Many sales scenarios, from telemarketing calls to face-to-face meetings, boil down to a deceptively simple requirement of the seller: to respond to the potential objections of the prospect. It’s natural for a buyer to be sceptical about a product or service being offered to them, and it’s understandable for them to come up with a list of reasons why not to buy: when you are parting with money, you need to be cautious. Questions such as ‘I don’t understand why this service would be useful to us’ or ‘I can’t see how this leads to a return on my investment’ are common and can be anticipated and countered.
With this in mind, the ability to overcome the objections of your prospect is a key skill for a salesperson to develop,. Getting past objections should be seen as a delicate process, part of the narrative of negotiation that requires all the techniques of the salesperson from storytelling to understanding how to bridge the emotional gap. There is a commonly used series of steps that can help with this challenge.
The LAER process was devised by Carew International as a smart way to approach objections with the aim to achieve an outcome that was beneficial to both seller and buyer. In an article entitled Dimensions of Professional Selling, they broke the approach down into four discrete steps:
Step 1 is to listen.
Don’t interrupt or anticipate the objections. Make sure you take in everything your prospect is saying. If you make an assumption about their issues with your offer you run the risk of only addressing part of their objection. Additionally, the act of listening is a respectful one – by paying attention and making it clear that you are taking in what is being said, you will reassure your prospect that you care about them and have an interest in what they have to say.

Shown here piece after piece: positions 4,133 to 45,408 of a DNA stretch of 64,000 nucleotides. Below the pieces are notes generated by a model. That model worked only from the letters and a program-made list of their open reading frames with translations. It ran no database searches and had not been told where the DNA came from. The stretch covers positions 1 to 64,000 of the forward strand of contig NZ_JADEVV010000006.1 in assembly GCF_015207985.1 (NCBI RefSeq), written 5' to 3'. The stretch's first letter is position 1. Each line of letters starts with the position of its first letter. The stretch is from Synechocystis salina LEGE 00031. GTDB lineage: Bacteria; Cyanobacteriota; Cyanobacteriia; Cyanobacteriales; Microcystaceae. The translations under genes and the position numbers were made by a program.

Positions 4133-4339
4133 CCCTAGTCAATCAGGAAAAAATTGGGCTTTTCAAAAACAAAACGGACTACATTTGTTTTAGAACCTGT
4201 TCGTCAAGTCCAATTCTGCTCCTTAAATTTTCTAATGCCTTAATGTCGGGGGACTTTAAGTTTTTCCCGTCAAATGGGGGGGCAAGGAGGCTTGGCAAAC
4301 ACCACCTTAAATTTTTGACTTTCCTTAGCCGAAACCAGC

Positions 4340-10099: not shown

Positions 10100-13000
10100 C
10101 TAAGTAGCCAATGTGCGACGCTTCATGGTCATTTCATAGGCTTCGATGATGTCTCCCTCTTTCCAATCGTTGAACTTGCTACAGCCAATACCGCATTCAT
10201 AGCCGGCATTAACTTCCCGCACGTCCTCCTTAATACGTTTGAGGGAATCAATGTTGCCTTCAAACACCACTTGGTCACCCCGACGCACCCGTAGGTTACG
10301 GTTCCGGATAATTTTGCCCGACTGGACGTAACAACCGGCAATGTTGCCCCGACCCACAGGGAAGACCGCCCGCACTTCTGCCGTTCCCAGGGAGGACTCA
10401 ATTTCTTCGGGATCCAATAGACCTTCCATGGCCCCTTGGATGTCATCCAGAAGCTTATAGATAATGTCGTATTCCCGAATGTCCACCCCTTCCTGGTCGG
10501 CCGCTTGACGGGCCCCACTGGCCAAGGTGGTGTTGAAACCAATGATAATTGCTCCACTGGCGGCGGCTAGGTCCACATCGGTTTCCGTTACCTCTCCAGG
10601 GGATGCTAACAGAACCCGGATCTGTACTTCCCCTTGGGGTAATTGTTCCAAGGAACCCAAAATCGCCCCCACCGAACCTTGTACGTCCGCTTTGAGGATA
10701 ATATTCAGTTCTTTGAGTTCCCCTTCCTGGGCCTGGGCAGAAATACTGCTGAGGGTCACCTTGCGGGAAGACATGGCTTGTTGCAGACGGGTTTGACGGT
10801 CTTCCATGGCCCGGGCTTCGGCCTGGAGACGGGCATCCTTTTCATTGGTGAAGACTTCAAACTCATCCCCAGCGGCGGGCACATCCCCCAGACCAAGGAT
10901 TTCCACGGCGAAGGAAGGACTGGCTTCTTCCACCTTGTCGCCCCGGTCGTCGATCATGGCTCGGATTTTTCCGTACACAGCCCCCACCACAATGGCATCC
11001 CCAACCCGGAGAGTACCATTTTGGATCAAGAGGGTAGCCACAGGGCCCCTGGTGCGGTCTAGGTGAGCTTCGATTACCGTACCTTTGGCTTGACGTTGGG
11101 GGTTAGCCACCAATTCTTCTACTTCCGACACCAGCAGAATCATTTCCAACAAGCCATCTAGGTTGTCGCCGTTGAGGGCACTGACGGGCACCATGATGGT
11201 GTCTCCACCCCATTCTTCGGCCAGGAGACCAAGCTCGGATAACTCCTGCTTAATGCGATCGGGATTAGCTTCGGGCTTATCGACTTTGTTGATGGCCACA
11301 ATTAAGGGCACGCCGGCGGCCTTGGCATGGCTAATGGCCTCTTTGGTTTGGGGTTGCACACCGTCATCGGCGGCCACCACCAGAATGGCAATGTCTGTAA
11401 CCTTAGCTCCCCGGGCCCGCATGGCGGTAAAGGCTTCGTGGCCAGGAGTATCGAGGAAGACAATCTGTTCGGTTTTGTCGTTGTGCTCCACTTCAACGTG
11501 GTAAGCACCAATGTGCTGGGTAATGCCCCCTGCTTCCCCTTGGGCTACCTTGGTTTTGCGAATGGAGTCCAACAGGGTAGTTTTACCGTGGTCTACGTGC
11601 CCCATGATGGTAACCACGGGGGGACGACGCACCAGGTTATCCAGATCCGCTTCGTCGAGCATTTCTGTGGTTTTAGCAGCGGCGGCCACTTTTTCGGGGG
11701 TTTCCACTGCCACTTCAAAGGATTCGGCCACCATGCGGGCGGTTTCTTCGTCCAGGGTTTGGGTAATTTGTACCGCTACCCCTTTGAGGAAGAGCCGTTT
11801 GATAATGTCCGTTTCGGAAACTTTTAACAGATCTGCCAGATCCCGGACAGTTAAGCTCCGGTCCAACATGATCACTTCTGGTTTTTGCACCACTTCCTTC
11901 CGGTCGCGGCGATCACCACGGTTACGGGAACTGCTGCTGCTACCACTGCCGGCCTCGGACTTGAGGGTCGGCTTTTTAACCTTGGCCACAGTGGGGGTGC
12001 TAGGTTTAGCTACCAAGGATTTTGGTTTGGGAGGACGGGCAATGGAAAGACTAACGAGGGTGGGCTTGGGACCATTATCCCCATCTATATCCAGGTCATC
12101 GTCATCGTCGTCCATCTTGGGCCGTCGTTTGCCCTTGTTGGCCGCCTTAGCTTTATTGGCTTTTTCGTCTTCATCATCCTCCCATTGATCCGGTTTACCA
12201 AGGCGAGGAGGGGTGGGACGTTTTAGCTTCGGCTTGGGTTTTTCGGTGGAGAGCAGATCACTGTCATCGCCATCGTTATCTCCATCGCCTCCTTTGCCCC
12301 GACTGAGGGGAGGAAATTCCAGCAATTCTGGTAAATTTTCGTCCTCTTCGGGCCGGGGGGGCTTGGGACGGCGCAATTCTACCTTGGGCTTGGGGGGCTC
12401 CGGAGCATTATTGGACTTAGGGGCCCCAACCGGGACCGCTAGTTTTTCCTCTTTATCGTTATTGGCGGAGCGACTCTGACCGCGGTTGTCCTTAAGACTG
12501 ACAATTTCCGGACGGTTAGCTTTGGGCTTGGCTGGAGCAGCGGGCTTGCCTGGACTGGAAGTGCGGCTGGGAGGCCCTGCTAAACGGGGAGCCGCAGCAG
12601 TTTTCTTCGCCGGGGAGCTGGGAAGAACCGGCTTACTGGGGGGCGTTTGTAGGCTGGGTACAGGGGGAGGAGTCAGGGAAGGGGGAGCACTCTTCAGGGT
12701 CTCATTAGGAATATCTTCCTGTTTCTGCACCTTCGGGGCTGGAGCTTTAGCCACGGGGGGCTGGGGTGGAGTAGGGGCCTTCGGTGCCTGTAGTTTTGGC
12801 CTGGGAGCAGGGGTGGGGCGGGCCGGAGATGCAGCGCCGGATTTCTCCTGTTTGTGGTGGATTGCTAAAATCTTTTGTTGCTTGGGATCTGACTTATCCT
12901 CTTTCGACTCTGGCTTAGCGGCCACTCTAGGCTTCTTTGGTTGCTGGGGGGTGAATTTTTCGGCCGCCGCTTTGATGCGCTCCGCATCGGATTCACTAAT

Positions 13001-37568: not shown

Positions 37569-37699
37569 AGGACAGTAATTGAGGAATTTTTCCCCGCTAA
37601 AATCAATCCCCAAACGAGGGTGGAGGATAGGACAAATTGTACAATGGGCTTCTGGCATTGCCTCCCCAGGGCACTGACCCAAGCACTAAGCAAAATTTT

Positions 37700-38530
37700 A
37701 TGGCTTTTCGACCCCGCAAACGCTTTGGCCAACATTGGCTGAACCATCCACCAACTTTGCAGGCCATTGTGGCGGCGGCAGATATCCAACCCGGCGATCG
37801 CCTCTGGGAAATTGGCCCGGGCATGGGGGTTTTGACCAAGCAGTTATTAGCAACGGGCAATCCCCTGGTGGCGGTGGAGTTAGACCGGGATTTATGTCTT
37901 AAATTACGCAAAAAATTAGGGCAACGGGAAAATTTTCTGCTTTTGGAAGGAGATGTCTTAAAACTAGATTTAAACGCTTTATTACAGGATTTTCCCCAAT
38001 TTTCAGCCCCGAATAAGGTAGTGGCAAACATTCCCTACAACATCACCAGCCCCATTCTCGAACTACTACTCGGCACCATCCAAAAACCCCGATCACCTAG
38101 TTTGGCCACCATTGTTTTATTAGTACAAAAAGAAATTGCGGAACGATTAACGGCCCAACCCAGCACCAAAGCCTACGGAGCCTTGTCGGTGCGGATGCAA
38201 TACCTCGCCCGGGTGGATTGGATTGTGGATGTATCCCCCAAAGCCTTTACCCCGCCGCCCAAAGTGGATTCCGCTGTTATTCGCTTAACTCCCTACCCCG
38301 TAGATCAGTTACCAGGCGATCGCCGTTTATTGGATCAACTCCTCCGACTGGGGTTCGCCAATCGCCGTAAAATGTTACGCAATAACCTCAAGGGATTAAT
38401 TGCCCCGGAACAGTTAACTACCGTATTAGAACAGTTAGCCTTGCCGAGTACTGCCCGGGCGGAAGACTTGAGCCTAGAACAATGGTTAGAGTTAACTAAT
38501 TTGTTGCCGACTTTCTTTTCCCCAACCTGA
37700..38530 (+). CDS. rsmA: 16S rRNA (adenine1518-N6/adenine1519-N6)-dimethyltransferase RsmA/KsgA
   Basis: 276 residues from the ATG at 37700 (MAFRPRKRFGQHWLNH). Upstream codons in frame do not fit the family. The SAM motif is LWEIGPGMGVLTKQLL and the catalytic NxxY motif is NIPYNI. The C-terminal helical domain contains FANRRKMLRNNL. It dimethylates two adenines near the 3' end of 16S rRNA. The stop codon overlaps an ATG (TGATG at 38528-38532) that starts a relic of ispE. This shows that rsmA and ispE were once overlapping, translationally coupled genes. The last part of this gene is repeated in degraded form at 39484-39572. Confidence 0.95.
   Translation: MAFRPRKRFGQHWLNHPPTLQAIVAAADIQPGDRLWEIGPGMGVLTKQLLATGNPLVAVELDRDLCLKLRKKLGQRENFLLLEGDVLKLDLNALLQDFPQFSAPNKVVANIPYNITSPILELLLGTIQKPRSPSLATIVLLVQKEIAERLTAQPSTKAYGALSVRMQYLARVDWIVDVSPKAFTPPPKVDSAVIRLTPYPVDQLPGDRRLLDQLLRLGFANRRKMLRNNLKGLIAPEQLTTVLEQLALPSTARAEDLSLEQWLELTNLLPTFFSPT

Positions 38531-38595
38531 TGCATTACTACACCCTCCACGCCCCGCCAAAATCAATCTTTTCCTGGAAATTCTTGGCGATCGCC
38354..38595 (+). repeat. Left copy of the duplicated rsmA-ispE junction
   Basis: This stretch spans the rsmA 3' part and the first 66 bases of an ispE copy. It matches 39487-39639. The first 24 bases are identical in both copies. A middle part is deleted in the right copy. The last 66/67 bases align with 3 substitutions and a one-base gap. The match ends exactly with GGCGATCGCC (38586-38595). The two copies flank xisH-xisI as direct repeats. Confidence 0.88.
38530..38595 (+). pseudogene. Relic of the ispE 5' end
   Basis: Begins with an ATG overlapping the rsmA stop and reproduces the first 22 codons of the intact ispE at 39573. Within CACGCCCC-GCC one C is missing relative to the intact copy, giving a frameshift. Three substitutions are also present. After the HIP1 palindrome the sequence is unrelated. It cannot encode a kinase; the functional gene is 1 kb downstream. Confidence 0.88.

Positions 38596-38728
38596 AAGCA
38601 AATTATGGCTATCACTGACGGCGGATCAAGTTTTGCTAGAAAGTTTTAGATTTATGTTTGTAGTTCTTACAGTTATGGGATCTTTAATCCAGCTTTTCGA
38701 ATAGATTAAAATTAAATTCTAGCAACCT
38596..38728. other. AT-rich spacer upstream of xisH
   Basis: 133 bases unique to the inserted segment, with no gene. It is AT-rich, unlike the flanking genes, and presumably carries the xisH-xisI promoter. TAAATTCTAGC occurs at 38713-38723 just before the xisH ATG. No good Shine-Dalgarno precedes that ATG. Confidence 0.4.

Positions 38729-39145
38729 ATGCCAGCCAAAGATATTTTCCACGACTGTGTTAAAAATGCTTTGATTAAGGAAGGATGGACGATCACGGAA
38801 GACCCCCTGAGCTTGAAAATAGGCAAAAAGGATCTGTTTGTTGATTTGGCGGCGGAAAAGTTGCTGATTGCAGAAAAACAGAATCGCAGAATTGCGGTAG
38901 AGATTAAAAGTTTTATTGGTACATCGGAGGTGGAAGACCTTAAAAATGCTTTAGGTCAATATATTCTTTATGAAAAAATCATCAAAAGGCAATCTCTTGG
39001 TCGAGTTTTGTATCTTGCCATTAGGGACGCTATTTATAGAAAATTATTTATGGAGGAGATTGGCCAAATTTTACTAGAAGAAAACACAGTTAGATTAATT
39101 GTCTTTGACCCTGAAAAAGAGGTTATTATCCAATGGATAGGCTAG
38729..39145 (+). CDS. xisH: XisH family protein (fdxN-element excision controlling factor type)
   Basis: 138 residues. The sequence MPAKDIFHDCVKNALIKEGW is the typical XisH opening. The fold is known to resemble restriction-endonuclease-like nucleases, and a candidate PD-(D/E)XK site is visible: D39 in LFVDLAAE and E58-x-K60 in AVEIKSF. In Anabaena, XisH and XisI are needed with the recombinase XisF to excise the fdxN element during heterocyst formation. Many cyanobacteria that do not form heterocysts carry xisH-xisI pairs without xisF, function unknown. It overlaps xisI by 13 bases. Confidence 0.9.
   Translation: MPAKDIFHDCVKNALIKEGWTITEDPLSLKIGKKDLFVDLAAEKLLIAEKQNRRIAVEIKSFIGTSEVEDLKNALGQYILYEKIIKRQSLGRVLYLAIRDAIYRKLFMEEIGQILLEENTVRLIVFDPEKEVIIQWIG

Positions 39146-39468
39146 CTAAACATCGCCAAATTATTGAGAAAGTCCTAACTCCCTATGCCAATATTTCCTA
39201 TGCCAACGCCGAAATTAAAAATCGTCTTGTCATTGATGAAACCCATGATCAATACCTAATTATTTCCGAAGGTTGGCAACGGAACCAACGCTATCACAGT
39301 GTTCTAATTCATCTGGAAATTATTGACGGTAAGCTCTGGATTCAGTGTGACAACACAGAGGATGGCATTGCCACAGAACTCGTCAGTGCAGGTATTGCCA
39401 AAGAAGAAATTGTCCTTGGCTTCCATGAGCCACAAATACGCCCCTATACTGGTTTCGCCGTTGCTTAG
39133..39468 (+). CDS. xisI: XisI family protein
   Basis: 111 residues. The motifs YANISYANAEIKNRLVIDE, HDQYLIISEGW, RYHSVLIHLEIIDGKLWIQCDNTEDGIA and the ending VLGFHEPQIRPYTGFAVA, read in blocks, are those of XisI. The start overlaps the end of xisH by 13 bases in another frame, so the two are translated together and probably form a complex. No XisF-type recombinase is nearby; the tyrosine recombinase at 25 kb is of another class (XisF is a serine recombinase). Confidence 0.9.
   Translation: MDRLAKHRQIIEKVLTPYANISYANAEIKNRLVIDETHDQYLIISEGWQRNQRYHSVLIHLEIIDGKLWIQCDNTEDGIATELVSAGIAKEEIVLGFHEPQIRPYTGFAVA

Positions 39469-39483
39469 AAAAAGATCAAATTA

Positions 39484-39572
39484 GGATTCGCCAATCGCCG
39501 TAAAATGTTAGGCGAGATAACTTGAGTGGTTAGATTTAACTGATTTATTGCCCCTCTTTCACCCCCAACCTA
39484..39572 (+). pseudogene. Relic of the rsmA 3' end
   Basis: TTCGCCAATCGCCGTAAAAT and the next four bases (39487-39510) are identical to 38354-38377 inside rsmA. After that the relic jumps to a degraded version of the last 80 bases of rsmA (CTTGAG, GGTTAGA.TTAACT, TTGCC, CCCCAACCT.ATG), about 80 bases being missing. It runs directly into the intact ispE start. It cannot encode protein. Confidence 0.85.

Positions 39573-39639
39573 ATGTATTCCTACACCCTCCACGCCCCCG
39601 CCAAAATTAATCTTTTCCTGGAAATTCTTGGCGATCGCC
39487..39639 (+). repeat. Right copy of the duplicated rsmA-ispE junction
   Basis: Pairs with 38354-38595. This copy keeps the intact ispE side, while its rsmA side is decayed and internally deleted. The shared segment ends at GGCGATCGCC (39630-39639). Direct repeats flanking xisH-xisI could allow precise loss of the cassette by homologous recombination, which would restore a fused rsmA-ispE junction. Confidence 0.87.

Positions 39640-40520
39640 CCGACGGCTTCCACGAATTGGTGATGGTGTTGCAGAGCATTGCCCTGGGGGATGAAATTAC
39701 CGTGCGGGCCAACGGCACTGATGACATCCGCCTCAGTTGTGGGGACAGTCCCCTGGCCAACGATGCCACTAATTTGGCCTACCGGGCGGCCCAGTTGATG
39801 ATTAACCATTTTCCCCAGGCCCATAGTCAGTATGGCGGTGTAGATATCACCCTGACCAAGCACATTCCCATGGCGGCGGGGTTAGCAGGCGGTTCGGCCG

Step 2 is to acknowledge.
This is a great way of reinforcing the fact that you’ve been listening. Acknowledge the objections of your prospect by repeating them back to them, thus demonstrating your commitment to understand them whilst also providing your prospect with the opportunity to correct you.
Step 3 is to explore.
Drill down into their objections, unpacking them with the support of your prospect. By asking the right questions, you can get to the heart of where the objections come from and, as a consequence, how you might be able to ameliorate them. At this stage, it’s all about the questions you pose: keep them open and remember to keep listening and acknowledging their responses.
Step 4 is to respond.
This is the moment where you take what you’ve learnt over the previous steps and tie them together. You’ve listened to the objections, you’ve reassured your prospect that you have taken them in, you’ve explored where the objections have come from and now you can finally fill in the blanks by outlining how you can help. Remember, you’re not countering their objections or contradicting their views, instead you’re building on what they’ve discussed and revealing how their anxieties leave a gap for you to fill with your services. It’s not about trying to win them over, it’s about trying to help them understand how you can help. If their objections are unsurmountable, if you can’t find a way of solving them, then they probably aren’t the customers for you. Ultimately, it’s about matching the right seller with the right buyer so both parties end up in the best possible position.
At Chartered Developments, our callers understand that the ultimate goal is a meeting between our clients and the most suitable prospects. We are focused on quality, not quantity – for us the qualification doesn’t end with the data, it continues through that first phone call. Our callers have the intelligence to respond positively to objections and have the experience to know how to effectively respond to them. Get in touch for more about how we can help you generate leads.